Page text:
About the Author:

We’re PreMedPlus, a business oriented towards helping the next generation of doctors. We offer academic advise, productivity tips, and warn of common premed pitfalls on our Instagram page. On our Facebook page we offer personalized services for those who want one-on-one attention from a team of MD students. We know that being a premed is expensive and exhausting so we strive to make ourselves as affordable, accessible, and efficient as possible! Whether you want to enroll in our personal statement service or simply listen to how we got into medical school we’re happy to have you for either!

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Lifelong Mentorship

[Editor’s Note: This guest post was submitted by Jesse Tran who is a current PGY4 EM resident who is an avid reader of personal finance outside of world of EM. Currently trying to introduce financial literacy as standard education in residency. Believes in the mantra “A smart man makes a mistake, learns from it, and never makes that mistake again. But a wise man finds a smart man and learns from him how to avoid the mistake altogether.”]

Photo courtesy of evergladescisma

A mass of scales, tightly engaged in constricting manner with its fangs latched onto the owner’s terrified upper lip. The 8-foot Burmese python had unsuspectedly sized up its prey for the last several days, denying any form of feed from its owner. Before going to bed, the owner, a middle aged female, came to perform the nightly ritual of kissing her snake to sleep. Tonight, however, she was met with a return kiss followed by a vice like grip around the neck. With swift action, the owner was able to introduce her left arm into the mixture before it complete coiled around, giving her a barrier from complete suffocation. My attending, Dr. “Awesome,” came in with no hesitation, injected the snake with several milliliters of Succinocholine and with a serrated kitchen knife he preceded to cut the snakes head off. The listless head then began to release its fangs and fell to the ground. All this unfolded while I was an ER scribe, trauma room 2 to be exact. This and many more similar experiences helped solidify my resolve to become an EM physician.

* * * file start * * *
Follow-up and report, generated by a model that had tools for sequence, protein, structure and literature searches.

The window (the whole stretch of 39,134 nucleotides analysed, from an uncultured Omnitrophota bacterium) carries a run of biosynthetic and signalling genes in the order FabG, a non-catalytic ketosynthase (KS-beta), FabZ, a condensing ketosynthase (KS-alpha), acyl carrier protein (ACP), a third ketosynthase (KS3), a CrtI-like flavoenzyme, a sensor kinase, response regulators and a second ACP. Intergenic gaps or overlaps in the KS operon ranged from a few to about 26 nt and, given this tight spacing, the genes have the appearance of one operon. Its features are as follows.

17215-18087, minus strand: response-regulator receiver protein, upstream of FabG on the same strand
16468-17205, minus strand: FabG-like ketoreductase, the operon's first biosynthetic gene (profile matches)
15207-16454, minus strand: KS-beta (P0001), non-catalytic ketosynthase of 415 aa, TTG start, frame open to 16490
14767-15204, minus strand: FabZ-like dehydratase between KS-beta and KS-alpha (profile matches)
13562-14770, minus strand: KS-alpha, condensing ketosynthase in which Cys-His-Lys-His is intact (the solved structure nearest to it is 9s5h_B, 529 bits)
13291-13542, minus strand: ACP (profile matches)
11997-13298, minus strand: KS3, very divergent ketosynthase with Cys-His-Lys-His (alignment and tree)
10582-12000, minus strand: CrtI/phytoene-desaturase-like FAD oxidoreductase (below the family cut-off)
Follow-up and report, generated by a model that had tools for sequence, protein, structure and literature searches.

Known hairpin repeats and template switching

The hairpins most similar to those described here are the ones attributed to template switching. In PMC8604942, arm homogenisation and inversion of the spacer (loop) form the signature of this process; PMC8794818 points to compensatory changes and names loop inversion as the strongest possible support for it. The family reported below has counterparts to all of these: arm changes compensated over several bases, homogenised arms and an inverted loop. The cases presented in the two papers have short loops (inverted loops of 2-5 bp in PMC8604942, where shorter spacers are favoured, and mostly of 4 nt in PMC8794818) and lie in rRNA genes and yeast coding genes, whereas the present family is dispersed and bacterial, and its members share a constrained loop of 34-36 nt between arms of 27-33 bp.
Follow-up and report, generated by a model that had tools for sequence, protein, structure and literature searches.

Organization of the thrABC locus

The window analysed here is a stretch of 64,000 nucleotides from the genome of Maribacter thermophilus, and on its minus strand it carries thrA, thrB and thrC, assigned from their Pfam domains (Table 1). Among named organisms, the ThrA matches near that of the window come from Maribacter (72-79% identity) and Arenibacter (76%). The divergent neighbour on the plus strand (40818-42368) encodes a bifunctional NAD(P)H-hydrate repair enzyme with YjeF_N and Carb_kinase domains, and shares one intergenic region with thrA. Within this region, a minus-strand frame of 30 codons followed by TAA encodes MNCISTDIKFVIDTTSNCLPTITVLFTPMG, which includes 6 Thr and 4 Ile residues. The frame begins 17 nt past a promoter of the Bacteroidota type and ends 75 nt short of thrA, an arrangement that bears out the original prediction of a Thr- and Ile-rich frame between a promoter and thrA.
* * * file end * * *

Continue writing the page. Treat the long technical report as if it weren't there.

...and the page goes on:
The power of mentorship is not to be trifled with, as over the years your professional relationships can help you navigate the new world ahead of you. As I progressed through medical school, the thoughts of which specialty I would pursue changed several times within the first 2 years of didactic education. You only have so much finite time in your premed years to experience the wide breadth of medicine. My exposure was mainly the ER. I knew nothing of operating room, primary care clinic or birthing center.  Though obtaining a glimpse of several specialties during my 3rd year clinical rotations did help me and probably the vast majority of my classmates solidify their decision into what residency fit them.

            To this day I still reach out to Dr. “Awesome” and along the way, I’ve developed strong relationships with my attendings to further facilitate life beyond medicine. My ultimate goal is to reach a life where I can live without the constraints that would inhibit my long term happiness. There are several things that must be done to obtain a good mentor:

  1. Have a strong passion or curiosity for the potential goal you want to pursue.
  2. Find a mentor who embodies the qualities that make them stand out to you.
  3. Ask questions.
  4. Get involved.

That relentless move to better yourself and avoid the prior mistakes of your predecessors will help you avoid the pitfall of having to correct your mistakes whether that saves you time or grief. We as a group are here to support the future medical professionals by becoming a resource for your ultimate goals.

Who is your mentor(s)? Comment down below or contact us for any questions.